Since its discovery in 1897, the early Islamic bath-house of Qusayr ‘Amra has been celebrated for its spectacular figural wall-paintings, the meanings of which have been much debated. Following the recent cleaning of the wall paintings, Dr. Ali has identified scenes inspired by Heliodorus’ Aethiopica, a fourth-century romance. Taking this discovery as its starting point the lecture looks in two directions: forward, to new and emerging ways to examine images and texts together, and backward, to the efforts expended in understanding the paintings. It thus aims to illuminate a history of what Qusayr ‘Amra has been, as well as to generate a new vision of what it might become.
*Inaugural lecture by faculty fellow, Nadia Ali
Nadia Ali is Faculty Fellow at Silsila: Center for Material Histories. She was trained in Art History, Islamic studies and Classical Arabic at the University of Aix en Provence. Before joining Silsila, she was part of the Leverhulme project Empires of Faith based at Oxford University and the British Museum (2013-2017). Nadia Ali’s research interests lie in the emergence of Islamic art in the context of the first millennium, and related questions of cross-cultural exchange, artistic production and more generally intellectual thinking on the making of things.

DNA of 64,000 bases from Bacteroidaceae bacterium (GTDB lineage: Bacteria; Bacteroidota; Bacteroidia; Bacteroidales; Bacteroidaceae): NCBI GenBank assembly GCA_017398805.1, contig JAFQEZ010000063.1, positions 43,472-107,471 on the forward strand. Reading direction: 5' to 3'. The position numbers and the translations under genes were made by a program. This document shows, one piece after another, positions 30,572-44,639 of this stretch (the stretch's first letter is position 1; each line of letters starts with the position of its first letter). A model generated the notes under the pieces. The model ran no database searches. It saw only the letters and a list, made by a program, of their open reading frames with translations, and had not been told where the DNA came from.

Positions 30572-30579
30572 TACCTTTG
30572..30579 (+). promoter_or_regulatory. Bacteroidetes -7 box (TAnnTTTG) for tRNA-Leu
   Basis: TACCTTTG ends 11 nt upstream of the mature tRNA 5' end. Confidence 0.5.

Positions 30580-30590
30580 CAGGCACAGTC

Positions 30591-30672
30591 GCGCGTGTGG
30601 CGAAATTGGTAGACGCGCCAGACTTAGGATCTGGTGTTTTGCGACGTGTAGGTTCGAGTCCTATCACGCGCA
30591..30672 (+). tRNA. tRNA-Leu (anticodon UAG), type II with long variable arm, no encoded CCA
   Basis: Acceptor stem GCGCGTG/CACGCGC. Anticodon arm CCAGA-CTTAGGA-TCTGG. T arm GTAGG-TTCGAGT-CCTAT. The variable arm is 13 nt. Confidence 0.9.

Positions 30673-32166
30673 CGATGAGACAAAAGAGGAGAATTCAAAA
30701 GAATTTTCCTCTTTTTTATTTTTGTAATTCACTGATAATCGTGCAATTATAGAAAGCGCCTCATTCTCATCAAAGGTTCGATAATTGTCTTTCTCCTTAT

*Space is limited. If for any reason you have rsvp'd and cannot attend, please use the form below to let us know.